Fitting the Charlotte Skirt

I enjoyed working with the Elisalex pattern from By Hand London so much that I decided to give the Charlotte skirt a go. During the recent Goldhawk road meet-up, I had spoken about my straight skirt problems with Charlotte of By Hand London, and she said I should try the Charlotte skirt because it had a really generous amount of ease at the hips. So here I am, giving it a go.

I have never been successful with straight skirts. I know it might be easy to draft one myself, but like I mentioned before, I am not very good with drafting. Claire even came over to help me draft one, using the draping method. She fitted the skirt on my body, and transferred the pattern to paper. I never used it, and then I put on some extra kilos, and now, I really can’t use it.  I did take on board what she did though, so with the Charlotte skirt, I decided not to choose a particular size, but cut the biggest size, and sew the skirt up, without sewing the darts.

I used a 1/4 inch seam allowance,and what do you know? My hips are the biggest size, size 20. That fit just fine on the hips. I think I need to run more, and diet more. I then sewed the size 14 darts, and it fit a bit better at the waist. The area between my waist and my hips though, is another matter. The way my body is, the fullest part of my hips is down at the top of my thighs, so I have that indentation at the hips. 8 inches below my waist is where it is deepest, and then from 10″ down, it starts filling out again. So I do not have that curve that many people have, which of course, results in excess fabric in that area. I pinned some of it away, but there’s still some work to be done.

The front is not too bad at the waist, probably because my tummy is not exactly small. The back has alot of excess fabric.I pinned out the excess as well, and decided to add two extra darts at the back.

The back does not look too bad ( after massive pinning of course)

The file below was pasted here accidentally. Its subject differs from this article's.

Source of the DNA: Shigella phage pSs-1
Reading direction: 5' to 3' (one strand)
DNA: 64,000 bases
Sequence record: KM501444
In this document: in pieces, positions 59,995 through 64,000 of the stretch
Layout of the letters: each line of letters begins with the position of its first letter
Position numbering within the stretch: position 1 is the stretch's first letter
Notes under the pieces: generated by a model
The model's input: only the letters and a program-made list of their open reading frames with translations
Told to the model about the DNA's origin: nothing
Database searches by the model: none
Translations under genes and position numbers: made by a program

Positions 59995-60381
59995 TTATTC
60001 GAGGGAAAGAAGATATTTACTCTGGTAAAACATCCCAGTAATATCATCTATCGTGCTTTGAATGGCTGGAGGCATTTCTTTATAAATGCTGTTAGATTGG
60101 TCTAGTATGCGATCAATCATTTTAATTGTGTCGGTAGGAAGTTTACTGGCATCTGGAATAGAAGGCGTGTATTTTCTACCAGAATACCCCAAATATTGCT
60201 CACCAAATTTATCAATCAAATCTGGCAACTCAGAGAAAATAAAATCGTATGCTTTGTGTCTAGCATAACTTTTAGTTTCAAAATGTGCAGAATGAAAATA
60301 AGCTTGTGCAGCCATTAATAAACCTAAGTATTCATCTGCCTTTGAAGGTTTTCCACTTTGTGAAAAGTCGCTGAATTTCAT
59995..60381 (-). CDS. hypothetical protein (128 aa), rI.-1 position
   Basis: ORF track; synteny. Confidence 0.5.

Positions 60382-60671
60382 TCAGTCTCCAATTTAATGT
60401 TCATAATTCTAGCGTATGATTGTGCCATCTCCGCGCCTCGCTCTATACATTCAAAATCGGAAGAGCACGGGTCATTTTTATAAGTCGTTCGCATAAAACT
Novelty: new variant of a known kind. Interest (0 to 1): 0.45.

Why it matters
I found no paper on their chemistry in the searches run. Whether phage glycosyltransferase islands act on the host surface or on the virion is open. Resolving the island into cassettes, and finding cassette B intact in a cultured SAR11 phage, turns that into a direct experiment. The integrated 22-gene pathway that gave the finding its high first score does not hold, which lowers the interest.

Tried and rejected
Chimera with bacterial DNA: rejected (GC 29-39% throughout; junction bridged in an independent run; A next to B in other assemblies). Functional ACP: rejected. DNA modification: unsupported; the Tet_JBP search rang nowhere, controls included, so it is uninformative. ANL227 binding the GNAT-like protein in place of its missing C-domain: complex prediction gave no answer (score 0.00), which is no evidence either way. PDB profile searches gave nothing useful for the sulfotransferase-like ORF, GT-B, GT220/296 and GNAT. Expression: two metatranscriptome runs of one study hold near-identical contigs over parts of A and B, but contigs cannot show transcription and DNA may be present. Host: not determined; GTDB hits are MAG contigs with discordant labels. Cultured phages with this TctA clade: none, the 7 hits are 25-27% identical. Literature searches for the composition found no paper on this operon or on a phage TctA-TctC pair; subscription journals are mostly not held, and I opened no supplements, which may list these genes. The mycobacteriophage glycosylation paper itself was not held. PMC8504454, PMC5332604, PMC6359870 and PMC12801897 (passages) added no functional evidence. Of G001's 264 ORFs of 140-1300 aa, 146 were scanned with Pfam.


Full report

This is after I basted the bits I had pinned before. The kangaroo pouch seems to have gone. Yay!

I sewed the extra darts at the back, but there is still some excess fabric. I was hitting my head, trying to understand why there was still so much fabric at the back. Then I remembered I had sew size 14 darts in a size 20 waist. So I need to do another muslin, using a size 14 waist, and then grade up to size 20 about 10″ below the waist.

I am really pleased with myself for taking the time to get a proper fit. I think I have reached the point in my sewing where I just don’t want to sew clothes for the sake of sewing. I want to make things that fit me properly, so I need to actually take the time to face the fitting challenges my body presents.

The sun seems to be out today in London. Unfortunately I am not going to be around this weekend. Mr.Dibs is running the Edinburgh marathon tomorrow, so we are going up to Edinburgh this afternoon.
What about you? Anything fun planned?

The Oh Johnny Vogue 1314 Dress

Ahem! Not a very imaginative post title, but it will have to do.

So, I finally made a dress using one of the John Kaldor fabric I bought from Remnant House. You will remember that I had been coveting a dress from Phase Eight, but of course, it was out of my reach budget wise. Thank God for the fact that I can sew. I had been thinking of what pattern to use, and I finally decided on Vogue 1314. I had used this before, and I loved it. This dress can double up as a work dress, and as something I could wear to a fancy occasion.

It was an uneventful make. Probably because I had made it before. The one thing I have to stress about this pattern, again, is that it runs big. I made a 14, and I took the waist in a lot. I keep meaning to adjust the pattern, but I just have not had the time to do it. 

I really love sewing with knit fabric because it removes the need for alot of pattern adjustments. Especially as I have such a generous backside, as you can see from the next picture. My aunt in Cameroon calls it “the people’s choice”. It took me a while to accept the fact that my butt will never be small, but now I have, and I really don’t care if it looks big or not. I have embraced it. I like wearing figure hugging dresses, but with woven fabric, it is more difficult for me to get a good fit. I am not really good at adjusting patterns, so I try to stick to full skirts.

The weather has been really awful for the last two days. I am afraid out great British Summer, all two days of it, is over. So the boots are out once more. I am still hoping some sunshine will waltz around these parts soon, but in the meantime, boots are in.

Butterick 5285 and yet another machine